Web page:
Witnell’s End Quarries
Exposed Units: Shatterford Dyke, Etruria Formation
The intrusion is widely known as the ‘Shatterford Dyke’, however the structure is apparently intruded parallel to the grain of the country rock, meaning that it is technically a sill.
The Witnell’s End Quarries are a series of at least six disused quarries scattered in woodland along a prominent ridge. It is bounded in the west by a stream and in the east by the eastward sloping ridge-side. There is evidence of significant quarrying with some good exposures, plenty of quarry waste and scree. There are also good natural outcrops in the stream bed.
The intrusion is well exposed in two of the quarries, where it has a dolerite composition. It is a hard, dark grey, fine-grained rock with well defined jointing that dips steeply to the east. Spheroidal weathering is present in some of the exposures and where it has been intensely weathered, the rock takes on a brown colouring and is more prone to erosion – this eroded material forms the scree deposits.
The Shatterford Dyke is intruded into the Etruria Formation, which consist of grey, brown and red clays and are seen towards the north end of the area of interest. It is possible that the contact between the dolerite intrusion and the host sedimentary rocks may be exposed in a stream bed but this has not yet been located.
Dyke/sill – A body of igneous rock that has been intruded into the surrounding rocks and has a ‘sheeted’ geometry. In a dyke, this ‘sheet’, cuts across the sedimentary layering in the surrounding rocks. In a sill, the sheet is intruded parallel to layering in the surrounding rock.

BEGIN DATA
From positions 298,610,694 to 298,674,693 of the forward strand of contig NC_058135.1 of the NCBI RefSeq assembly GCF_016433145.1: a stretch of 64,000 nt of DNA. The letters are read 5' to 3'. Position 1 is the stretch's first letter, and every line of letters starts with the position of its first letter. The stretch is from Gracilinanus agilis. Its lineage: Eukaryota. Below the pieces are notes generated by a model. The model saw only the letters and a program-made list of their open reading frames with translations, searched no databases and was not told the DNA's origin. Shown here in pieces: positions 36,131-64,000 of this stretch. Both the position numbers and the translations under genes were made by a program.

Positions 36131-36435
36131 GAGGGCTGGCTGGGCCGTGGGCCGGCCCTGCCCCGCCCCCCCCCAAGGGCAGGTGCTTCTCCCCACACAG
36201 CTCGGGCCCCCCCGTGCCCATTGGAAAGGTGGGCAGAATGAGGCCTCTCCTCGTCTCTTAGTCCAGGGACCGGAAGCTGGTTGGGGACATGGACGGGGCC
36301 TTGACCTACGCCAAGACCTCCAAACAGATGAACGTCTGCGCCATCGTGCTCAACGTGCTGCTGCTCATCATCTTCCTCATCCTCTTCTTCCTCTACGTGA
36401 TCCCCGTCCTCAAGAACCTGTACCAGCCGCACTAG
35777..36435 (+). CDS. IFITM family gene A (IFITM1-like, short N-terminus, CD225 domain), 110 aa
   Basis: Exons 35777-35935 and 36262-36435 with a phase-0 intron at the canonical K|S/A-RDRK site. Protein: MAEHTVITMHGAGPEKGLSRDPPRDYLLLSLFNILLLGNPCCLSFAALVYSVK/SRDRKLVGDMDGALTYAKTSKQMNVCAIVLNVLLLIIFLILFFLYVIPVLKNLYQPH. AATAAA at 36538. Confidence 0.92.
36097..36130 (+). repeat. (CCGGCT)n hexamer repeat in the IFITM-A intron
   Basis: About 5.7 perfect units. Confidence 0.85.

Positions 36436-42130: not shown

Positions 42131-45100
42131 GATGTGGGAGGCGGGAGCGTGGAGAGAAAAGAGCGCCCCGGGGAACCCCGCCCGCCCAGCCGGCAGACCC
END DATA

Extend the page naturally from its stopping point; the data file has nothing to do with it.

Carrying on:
Spheroidal weathering – A weathering process, whereby shells of surface material on a rock face flake off, leaving ‘spherical’ bulges on the rock face (see picture).
General view of the exposure at Witnell’s End Quarries.
Exposures of dolerite in the path near to the Witnell’s End Quarries.
Anon, 1990, Special wildlife sites in Hereford and Worcester with geological interest, Worcestershire Nature Conservation Trust, pp. 13.
Fitch F.J. and Williams, S.C., 1970, ‘Isotopic ages of British Carboniferous rocks’, Conference Report, 6th Congress of International Stratigraphy, Sheffield, vol. 2, pp.771-789.
King, W.W., 1921, ‘The geology of Trimpley’, Transactions of the Worcestershire Naturalists’ Club, vol. 7, 4, pp. 319-322.
Whitehead, T.H. and Pocock, R.W., 1947, ‘Dudley and Bridgnorth, Sheet 167’, Memoir of the Geological Survey of Great Britain, London, pp. 226.